GRANBY, Conn. - The women gathered in the kitchen, enjoying brie and chocolate tortes as they told stories about their high school rings and pieces of jewelry given to them by ex-husbands and boyfriends. But they weren't just reminiscing for old times' sake.
The guests at Cheryle Podgorski's 'gold party' were there to trade in their old jewelry for cash.
Gold parties - the recession answer to Tupperware parties - have become increasingly popular around the country as people cast about for ways to raise money. A professional gold buyer tests and appraises the guests' jewelry and then pays them on the spot.
Guests say getting together with friends in somebody's living room makes it a fun, social occasion, and feels more respectable than hocking their rings, necklaces and brooches at seedy pawn shops or selling them back to jewelry stores.
'It's terrific because it's a little bit intimidating to think about walking into a jewelry store, even though they may be heavily advertising it, and, you know, to someone that you don't know and turning over your valuables to them,' said Pat Walsh, a 56-year-old retired store manager from Simsbury, Conn.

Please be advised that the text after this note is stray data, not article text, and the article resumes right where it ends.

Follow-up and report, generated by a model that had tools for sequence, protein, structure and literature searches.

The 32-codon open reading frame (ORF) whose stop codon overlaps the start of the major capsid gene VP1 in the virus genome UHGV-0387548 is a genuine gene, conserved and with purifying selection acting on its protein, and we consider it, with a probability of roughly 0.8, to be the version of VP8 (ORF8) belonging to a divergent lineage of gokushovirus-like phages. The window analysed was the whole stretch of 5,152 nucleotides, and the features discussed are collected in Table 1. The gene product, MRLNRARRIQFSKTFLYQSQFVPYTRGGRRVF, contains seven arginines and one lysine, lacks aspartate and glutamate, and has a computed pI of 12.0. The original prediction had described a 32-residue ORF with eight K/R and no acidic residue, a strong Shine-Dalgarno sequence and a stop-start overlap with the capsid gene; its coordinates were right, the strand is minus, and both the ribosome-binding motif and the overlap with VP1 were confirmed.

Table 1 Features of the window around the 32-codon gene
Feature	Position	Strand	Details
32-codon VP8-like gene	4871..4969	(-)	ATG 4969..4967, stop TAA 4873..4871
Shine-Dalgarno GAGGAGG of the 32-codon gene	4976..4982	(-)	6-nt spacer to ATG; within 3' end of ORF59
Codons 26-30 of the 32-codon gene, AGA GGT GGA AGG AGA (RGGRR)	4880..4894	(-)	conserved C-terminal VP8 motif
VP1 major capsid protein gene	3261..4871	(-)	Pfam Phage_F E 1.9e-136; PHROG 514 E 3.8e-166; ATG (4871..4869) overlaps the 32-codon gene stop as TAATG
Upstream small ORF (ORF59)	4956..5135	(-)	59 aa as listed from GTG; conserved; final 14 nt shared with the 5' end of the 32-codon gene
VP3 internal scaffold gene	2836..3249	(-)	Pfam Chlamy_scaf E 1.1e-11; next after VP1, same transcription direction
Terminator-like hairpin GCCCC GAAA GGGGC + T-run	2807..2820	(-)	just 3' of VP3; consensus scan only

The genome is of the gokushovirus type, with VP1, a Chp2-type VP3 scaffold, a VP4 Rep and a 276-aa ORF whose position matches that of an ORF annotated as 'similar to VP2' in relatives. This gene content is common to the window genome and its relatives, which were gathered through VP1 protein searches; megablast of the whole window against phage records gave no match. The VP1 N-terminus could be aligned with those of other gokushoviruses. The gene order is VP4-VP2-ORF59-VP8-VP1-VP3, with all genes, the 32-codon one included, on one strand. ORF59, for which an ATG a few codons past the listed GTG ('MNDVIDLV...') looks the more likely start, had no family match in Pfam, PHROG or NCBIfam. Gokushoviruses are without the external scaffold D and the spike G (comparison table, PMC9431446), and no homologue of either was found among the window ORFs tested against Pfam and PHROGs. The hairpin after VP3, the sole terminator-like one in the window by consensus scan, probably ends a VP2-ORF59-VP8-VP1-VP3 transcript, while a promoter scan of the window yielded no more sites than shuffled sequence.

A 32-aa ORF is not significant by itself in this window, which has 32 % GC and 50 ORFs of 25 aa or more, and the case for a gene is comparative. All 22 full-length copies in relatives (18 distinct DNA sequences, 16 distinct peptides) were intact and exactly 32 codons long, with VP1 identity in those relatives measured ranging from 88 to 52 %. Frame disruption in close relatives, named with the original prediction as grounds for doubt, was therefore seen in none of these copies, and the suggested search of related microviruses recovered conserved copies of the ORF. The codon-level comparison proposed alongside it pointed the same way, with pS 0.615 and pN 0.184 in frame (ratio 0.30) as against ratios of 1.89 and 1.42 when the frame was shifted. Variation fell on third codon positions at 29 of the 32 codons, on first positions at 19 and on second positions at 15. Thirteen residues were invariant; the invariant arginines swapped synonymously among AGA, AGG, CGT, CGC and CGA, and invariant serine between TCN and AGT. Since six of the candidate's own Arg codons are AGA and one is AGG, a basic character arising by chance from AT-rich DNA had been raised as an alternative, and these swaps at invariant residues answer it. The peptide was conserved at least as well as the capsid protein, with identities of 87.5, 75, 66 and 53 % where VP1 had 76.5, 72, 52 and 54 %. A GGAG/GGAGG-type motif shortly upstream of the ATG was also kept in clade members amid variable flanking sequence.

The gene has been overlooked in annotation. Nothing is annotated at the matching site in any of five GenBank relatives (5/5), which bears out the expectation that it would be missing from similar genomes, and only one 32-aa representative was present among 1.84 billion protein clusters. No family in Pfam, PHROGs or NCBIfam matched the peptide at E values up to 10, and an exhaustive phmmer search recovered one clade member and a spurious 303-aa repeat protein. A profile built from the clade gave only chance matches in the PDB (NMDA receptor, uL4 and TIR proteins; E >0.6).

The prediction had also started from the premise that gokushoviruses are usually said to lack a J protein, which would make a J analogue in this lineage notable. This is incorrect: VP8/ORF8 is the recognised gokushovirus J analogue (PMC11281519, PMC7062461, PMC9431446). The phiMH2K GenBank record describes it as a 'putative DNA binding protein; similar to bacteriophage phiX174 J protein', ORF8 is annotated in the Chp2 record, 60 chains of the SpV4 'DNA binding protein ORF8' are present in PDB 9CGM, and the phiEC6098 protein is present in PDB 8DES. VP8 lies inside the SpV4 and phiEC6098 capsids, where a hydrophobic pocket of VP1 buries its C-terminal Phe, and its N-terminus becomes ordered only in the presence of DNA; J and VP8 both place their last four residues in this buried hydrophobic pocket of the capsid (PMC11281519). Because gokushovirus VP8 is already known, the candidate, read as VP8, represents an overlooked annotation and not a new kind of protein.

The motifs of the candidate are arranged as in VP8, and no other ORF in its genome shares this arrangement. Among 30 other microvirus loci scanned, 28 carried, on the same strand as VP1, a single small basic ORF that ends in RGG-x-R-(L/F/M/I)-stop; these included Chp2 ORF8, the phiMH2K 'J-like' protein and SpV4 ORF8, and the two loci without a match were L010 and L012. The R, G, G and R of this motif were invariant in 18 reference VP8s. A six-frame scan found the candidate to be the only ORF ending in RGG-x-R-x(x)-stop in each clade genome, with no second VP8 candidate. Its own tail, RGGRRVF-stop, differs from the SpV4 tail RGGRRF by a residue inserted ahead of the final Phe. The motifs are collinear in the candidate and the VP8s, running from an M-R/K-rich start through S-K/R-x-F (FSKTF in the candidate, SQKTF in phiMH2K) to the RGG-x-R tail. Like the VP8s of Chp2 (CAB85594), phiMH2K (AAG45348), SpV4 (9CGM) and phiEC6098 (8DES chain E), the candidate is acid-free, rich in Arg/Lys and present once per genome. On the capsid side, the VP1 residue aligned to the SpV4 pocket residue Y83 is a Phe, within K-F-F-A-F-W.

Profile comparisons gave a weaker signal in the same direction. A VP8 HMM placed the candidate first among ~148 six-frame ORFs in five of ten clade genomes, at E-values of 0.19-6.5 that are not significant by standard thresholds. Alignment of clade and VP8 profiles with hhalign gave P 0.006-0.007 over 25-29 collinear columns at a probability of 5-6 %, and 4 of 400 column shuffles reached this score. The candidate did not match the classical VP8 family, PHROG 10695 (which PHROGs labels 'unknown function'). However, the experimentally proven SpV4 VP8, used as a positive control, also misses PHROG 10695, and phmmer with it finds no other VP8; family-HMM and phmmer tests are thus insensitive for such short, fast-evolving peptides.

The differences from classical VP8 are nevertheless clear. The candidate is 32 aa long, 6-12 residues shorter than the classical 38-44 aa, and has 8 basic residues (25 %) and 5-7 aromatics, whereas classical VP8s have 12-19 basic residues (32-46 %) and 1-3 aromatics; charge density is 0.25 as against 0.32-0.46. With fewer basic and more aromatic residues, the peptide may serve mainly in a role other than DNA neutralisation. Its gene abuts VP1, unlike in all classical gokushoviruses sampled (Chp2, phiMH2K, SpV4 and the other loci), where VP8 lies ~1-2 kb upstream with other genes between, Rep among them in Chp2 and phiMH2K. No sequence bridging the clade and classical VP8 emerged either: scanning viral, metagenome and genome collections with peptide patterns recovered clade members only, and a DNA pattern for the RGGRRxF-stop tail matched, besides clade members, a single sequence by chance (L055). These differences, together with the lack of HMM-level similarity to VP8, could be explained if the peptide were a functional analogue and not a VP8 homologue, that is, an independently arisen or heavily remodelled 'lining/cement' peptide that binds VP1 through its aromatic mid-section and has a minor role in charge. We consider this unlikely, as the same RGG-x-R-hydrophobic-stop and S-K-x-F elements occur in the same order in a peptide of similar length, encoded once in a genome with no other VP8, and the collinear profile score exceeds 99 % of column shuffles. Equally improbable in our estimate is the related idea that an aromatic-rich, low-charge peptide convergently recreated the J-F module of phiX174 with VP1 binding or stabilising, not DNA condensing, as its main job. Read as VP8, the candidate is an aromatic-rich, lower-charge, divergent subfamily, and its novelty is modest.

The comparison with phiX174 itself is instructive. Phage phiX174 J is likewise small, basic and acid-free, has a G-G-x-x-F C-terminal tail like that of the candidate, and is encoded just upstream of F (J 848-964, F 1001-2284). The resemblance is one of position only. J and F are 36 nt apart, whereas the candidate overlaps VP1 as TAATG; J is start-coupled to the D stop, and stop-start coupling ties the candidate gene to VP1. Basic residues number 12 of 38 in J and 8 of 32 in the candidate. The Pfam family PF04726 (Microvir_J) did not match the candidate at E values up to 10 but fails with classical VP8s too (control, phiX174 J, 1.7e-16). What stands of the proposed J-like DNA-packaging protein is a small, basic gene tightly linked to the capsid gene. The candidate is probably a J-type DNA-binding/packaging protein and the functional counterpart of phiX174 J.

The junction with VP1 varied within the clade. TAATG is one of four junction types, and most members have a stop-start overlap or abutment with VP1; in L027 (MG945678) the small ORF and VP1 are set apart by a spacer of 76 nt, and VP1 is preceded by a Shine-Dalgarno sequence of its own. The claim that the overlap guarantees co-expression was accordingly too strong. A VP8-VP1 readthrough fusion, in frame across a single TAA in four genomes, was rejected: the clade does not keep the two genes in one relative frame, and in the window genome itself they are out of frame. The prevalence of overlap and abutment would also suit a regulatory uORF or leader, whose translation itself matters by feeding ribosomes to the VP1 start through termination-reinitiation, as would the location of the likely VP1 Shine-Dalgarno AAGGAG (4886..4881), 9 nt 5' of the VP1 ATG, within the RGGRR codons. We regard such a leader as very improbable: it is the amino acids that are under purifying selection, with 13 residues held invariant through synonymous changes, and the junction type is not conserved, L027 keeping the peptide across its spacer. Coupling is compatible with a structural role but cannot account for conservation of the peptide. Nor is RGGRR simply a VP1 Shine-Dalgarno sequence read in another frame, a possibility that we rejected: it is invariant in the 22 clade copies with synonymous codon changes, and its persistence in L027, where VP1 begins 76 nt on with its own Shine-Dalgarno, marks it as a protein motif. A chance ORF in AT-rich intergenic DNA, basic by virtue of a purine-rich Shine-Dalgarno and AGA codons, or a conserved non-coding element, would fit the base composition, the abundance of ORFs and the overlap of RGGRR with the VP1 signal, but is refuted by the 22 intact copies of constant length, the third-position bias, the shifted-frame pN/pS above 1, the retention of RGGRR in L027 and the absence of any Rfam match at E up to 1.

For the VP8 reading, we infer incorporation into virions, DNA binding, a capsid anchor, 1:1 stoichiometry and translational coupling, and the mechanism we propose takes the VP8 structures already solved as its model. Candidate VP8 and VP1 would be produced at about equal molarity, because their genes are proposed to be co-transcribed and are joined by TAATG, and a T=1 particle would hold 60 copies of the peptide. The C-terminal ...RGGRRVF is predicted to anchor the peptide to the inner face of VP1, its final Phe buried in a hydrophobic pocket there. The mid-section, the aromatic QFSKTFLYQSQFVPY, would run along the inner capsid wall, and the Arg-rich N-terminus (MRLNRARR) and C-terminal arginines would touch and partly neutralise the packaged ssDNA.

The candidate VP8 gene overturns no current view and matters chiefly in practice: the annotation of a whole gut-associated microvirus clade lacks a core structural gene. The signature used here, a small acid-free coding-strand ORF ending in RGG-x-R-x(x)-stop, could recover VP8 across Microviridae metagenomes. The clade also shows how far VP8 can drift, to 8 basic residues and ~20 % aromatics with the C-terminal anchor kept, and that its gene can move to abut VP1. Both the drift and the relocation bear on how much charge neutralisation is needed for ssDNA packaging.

Walsh went home with $286 after selling a pinky ring she received as a wedding favor 35 years ago, circle-linked bracelets, broken necklaces and a few large, mismatched or outdated earrings.
Gold prices are close to their highest levels on record, hovering around $900 per ounce, up from $400 five years ago. Analysts say investors looking for a safe haven for their money while the stock market is in a meltdown could keep gold prices high for some time.
That - together with aggressive advertising by online scrap gold buyers, jewelry stores and gold party organizers - has led many people to clean out their jewelry boxes and dresser drawers.
Several companies are mining the phenomenon, which first began to thrive in Michigan a couple of years ago. My Gold Party LLC now has at least 35 representatives running parties in 21 states and is looking for more, said January Thomas, co-owner of the Grosse Pointe Woods, Mich.-based company.